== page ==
The days.

The years.

 

They know all too well, life isn't fair

and no one's coming to help us.

They know it’s up to us find the answers.

 

It strikes her while listening to the people onstage that, more than anything, reparations could be time together. Time for black folks to be together—from all our scattered corners of the slave trade route. Time to learn each other. Time to pass on to each other all the seeds that we've been growing. To be more when we are together than we can be when we are apart.

It also strikes her that she cannot picture what this looks like. She has never seen it before. Never. It strikes her, that this is what slavery has done. That this is what racism continues to do. It robs the interest out from your investment every time it starts to grow. Eats your would-be redwood sprouts for dinner. Then fakes condolences by telling you that they were never going to grow much taller anyways.

Stoop knee-high now please.

The subject of the conversation at JACK wanders back to songs and readings, questions, and more questions. It's hard to draw a line around a hypothetical. The evening's host remarks the event is running past its allotted time, but that it is important to take time, make time, because the subject is important.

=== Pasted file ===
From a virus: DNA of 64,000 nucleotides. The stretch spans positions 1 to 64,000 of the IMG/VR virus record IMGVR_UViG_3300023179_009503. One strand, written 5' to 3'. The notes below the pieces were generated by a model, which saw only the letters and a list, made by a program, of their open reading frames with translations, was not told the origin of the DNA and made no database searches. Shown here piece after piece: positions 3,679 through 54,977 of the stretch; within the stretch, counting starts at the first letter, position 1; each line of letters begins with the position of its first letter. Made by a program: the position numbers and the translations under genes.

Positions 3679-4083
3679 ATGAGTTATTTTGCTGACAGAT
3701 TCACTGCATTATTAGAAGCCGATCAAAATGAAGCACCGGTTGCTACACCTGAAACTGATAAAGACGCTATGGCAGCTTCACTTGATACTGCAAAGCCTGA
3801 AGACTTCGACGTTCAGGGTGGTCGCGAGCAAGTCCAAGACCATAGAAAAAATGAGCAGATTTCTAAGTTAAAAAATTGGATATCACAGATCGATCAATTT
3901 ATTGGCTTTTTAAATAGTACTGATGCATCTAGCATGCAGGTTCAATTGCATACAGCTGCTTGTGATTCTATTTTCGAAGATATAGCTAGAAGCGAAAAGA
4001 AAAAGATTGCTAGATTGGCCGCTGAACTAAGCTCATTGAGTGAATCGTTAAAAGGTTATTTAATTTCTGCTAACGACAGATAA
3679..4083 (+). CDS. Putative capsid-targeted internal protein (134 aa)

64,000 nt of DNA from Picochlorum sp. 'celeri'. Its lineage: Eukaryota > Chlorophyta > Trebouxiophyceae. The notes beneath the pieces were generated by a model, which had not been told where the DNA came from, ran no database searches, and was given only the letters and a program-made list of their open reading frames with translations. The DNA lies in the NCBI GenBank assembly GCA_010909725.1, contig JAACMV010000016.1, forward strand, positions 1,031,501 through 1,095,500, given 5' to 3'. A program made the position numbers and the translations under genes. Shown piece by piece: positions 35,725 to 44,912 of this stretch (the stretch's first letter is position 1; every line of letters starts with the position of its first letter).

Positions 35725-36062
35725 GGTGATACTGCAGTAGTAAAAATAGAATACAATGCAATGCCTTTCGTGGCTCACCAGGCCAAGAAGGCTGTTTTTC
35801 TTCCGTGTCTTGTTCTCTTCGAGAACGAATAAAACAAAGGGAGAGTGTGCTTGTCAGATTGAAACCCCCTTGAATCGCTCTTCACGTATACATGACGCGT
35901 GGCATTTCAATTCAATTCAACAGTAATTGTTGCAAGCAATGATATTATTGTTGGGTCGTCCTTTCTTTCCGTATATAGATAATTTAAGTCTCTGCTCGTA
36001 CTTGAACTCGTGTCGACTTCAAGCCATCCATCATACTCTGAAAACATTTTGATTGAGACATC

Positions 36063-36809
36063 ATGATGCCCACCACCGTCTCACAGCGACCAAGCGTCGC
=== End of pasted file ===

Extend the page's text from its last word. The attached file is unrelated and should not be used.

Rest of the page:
She agrees with the host.

She wants to stay longer, but it is late and she has work tomorrow. She is out of time.


Photo by User 0x010C. Accessed via Wikimedia Commons.


She waits for a point in the conversation when all eyes turn away from her, then slips her pen into her pocket, and steps out silently into the autumn night. The trees outside are bare and frail. Their fallen, once-green leaves litter the sidewalk. She shuffles through, careful not to crush them. Above the soft whisper of shifting leaves, she hears the telltale sound of screeching brakes that signals the arrival of buses. Three buses pull up at the corner half a block ahead. She squints to see their numbers. One of them is hers. She sprints towards it, leaves crunching now beneath her feet, bag clutched tight so that her papers will not fall. The bus driver is patient. He waits for her. She thanks him with a nod, too out of breath to utter “Thank you.” He waves as if he understands.